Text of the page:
On my first full day in Palermo (now ten days ago) I stood at the edge of a huge farmers’ market, staring up at one of the buildings along the market’s labyrinth of alleys. For those of you who know me, it’s a familiar state to see me in… looking up the lines of a building, trying to figure it out.
“Quattrocento” said a voice next to me. “Is quattrocento building.” The veggie purveyor was trying to explain it to me, in one of those delightful moments of people with little common language hacking through the need to connect. Quattrocento in art means 1400 to 1499, so this building has been there 600 years or so.
Six hundred years. Oh, the changes this building has seen. How many families have lived in it? How many zucchini have been sold at its doorstep?
How many times has the latest technology been added to it? I identified electricity and television cables, and pipes for water. No doubt the cell tower is close by and the satellite dish is on the back. Wooden doors have been replaced, iron balconies have been updated. And yet… six hundred years. There was no need to tear it down, just a need to make it work for NOW, whenever that NOW happened to be.
And making it work here doesn’t demand a beautiful solution, although they exist, just a functional one. Don’t need that window anymore? Fill it in. Need a new one in a different place? Cut the hole for it. The pediment no longer protects a door? No matter… leave it be, it’s not hurting anything.
I think the story here is that Italy adapts, but only as much as it needs to. We don’t change Italy much, but Italy can change us, especially if we let it.
Every hill town I’ve been in this week is full of roads that will barely hold a car. So guess what? The cars here are small, no bigger than they need to be to navigate their roads, yet fast enough for their modern motorways. Yes, we drove down the one below, and barely squeaked through.
Better yet, if you don’t need a car, you can zip around pretty much anything on a motorbike, and yep, those are small too. They’re not 1000cc rockets, but nimble Vespas that can be ridden in a skirt and heels if needed.
Stores are small too; they carry what you need for a few days, and not much more because, let’s be honest here, who would want to carry that home? Some of the stores were so small the space was filled and the owner sat outside on a chair.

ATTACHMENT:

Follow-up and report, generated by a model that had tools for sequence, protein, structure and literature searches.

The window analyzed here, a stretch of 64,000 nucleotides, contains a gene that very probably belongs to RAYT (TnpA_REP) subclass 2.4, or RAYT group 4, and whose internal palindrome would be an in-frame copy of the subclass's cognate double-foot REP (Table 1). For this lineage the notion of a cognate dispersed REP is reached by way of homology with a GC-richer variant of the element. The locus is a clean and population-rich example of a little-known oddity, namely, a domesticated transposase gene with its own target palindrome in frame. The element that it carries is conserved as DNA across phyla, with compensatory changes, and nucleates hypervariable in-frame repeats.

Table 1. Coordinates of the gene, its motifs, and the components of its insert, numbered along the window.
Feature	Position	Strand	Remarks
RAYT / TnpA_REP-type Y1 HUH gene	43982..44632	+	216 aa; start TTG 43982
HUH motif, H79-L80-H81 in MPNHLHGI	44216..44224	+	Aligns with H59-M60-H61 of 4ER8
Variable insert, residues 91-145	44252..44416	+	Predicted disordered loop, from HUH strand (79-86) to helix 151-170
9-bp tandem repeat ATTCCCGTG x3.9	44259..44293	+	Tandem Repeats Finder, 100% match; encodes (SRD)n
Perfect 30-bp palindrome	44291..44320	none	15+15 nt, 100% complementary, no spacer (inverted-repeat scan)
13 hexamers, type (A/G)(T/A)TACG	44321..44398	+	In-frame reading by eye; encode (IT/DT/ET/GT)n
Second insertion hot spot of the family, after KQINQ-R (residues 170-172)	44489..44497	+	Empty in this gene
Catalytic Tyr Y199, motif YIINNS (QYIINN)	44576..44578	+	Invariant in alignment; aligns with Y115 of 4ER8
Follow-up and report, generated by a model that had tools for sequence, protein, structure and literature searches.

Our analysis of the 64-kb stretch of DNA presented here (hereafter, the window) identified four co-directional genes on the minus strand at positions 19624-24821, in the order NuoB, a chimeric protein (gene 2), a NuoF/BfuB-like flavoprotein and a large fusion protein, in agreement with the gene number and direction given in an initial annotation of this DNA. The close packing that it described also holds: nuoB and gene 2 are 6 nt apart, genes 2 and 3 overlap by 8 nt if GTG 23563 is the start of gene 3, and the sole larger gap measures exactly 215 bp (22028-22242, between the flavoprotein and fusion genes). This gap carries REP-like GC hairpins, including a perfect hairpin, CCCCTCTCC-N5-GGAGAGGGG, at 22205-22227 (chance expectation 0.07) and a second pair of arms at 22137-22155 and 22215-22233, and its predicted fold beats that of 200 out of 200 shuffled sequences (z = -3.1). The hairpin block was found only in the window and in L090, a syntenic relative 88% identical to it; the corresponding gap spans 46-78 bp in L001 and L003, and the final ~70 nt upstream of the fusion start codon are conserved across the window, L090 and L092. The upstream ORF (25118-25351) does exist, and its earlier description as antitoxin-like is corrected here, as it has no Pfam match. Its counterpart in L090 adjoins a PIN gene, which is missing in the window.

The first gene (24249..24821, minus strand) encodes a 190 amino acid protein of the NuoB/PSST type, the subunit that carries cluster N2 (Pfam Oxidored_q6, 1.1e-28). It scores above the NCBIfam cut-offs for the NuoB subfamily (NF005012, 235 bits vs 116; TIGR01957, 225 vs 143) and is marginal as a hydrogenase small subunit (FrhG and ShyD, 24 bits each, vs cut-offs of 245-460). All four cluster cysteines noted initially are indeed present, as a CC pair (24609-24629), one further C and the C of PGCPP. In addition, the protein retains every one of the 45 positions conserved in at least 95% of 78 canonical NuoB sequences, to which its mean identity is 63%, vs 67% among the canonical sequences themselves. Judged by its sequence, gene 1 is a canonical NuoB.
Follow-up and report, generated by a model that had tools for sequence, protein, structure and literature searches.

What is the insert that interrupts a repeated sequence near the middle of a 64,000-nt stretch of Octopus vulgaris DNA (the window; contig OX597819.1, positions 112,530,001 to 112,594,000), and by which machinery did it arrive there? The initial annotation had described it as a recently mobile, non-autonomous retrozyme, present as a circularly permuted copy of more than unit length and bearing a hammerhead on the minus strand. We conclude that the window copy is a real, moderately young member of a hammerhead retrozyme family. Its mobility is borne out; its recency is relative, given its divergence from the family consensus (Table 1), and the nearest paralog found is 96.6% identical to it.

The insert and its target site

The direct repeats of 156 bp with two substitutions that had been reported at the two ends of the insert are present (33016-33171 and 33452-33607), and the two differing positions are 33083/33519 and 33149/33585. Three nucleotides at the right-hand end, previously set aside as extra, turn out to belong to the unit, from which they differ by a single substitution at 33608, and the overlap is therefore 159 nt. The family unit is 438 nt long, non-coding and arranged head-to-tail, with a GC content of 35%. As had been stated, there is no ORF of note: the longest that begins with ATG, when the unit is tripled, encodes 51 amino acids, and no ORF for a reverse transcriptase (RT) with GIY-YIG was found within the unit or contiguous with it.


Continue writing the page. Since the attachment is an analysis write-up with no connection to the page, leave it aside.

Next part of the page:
As a visitor, all this feels so very quaint. After the opulence of my American life, I would imagine these small confines might wear on me after a while though, and make me long for the luxury of the hot food section of my local Whole Foods.
Yet I can’t help but ponder if I ought to be looking at the philosophies that drive the Italian hill town life. People greet each other with unselfconscious affection; our guide and her sweet toddler were stopped endlessly as we walked the local streets for a quick kiss-to-the-cheeks and a few rapid fire words of catching up on the news. Every meal was an opportunity to slow down and really savor the food; there is very little take-out here, and even less eating on the go. Dinner is a drawn-out affair of wine and pasta and conversation and coffee and cannoli or gelato, with no hovering waiter to rush you off the table; if the restaurant is full, it’s full, and you go elsewhere.
What would my life look like if I ate more slowly with friends? Or at least not over the sink?! What would it look like if I hugged my friends with wild abandon when I see them, not giving a damn about how that looks to the strangers around us? What would our world look like with smaller cars, and a few streets that weren’t wide enough for the big ones?
Yes, the inconvenience might slow us down. But I think that might not be a bad thing.